High turnover is expensive. According to a study from the Center for American Progress, the typical cost of employee turnover in a position paying $30,000 or less is about 16 percent of the employee’s salary. Turnover in higher paid positions costs substantially more. Companies with high turnover suffer unnecessary losses; managing employee retention can benefit companies financially as well as in other ways.
Start With a Plan
Meet with your management team to develop a cohesive employee retention plan. Include managers from all areas of the company to solicit input and ensure that you have their buy-in. Put the plan in writing and review it regularly with management to track progress. Schedule periodic evaluations of the plan and make changes as needed.
Hire the Best
Ensure that you have a plan in place to attract the best candidates to your organization and hire candidates who display exceptional levels of integrity, stability, and honesty. Consider the work history of each candidate, including position longevity. When hiring someone who has moved frequently from one position to another, make sure you dig into the reasons for the changes.
Develop an Onboarding Program
Start your employees off right from the very beginning. Develop an onboarding program that orients your employees to your company culture and values. Include information about growth opportunities within the company, training opportunities, and resources to use when questions arise.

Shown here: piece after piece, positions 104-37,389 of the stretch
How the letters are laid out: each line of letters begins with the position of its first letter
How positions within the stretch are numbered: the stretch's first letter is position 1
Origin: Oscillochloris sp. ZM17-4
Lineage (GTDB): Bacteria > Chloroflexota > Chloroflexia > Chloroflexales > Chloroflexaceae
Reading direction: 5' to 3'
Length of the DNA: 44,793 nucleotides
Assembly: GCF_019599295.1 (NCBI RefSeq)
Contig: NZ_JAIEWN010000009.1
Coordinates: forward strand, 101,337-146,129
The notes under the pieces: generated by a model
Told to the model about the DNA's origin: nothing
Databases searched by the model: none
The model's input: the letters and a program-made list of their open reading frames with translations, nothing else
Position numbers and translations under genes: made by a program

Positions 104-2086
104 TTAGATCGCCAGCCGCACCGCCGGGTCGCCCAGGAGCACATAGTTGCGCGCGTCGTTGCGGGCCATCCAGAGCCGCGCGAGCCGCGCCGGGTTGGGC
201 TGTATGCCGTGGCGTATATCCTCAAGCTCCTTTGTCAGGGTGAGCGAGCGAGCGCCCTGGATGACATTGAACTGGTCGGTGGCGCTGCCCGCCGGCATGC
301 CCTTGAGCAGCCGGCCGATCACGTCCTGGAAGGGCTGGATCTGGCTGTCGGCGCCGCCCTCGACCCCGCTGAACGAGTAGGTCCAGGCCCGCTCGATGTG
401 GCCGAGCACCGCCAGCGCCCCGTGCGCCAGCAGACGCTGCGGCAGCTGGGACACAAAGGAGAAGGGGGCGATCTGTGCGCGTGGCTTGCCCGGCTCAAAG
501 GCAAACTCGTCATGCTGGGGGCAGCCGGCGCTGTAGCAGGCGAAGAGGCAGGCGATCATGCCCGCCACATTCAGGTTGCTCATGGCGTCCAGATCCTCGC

Start a Mentorship Program
Mentorship programs help employees cultivate professional relationships within your organization. Many employees even use mentorship programs as a stepping-stone to higher positions within the organization. Pairing employees with mentors can deepen an employee’s investment in your company, and can prevent them from looking outside the organization for future jobs.
Develop a Recognition Program
In general, people like to be appreciated and recognized for their contributions. Employees who feel as if they’re successful in their positions are less likely to look for other jobs. Developing a successful recognition program can incentivize your employees to work harder and achieve success within your organization.
Employees who feel they aren’t fairly compensated will eventually leave their jobs. One of the best ways to improve employee retention is to compensate your employees fairly and generously. Ensure your HR team has performed a labor market analysis to find out how much people typically get paid for comparable jobs in your area. Paying employees fair and generous wages compared to other companies can make your organization more competitive.
Encourage Work/Life Balance
Employee burnout is a common reason that people leave their jobs. Encouraging work/life balance can prevent burnout and improve employee retention. There are many ways to encourage work/life balance, including:
- Provide on-site childcare and exercise facilities.
- Permit flexible work schedules.
- Offer paid time off for major life events.
- Implement “use it or lose it” vacation policies, to encourage employees to take vacations.
- Start a telecommuting policy.
Putting these easy steps in place can improve employee retention while also making your company a better place to work. Happy employees are more productive, so when your organization makes these improvements, everyone wins.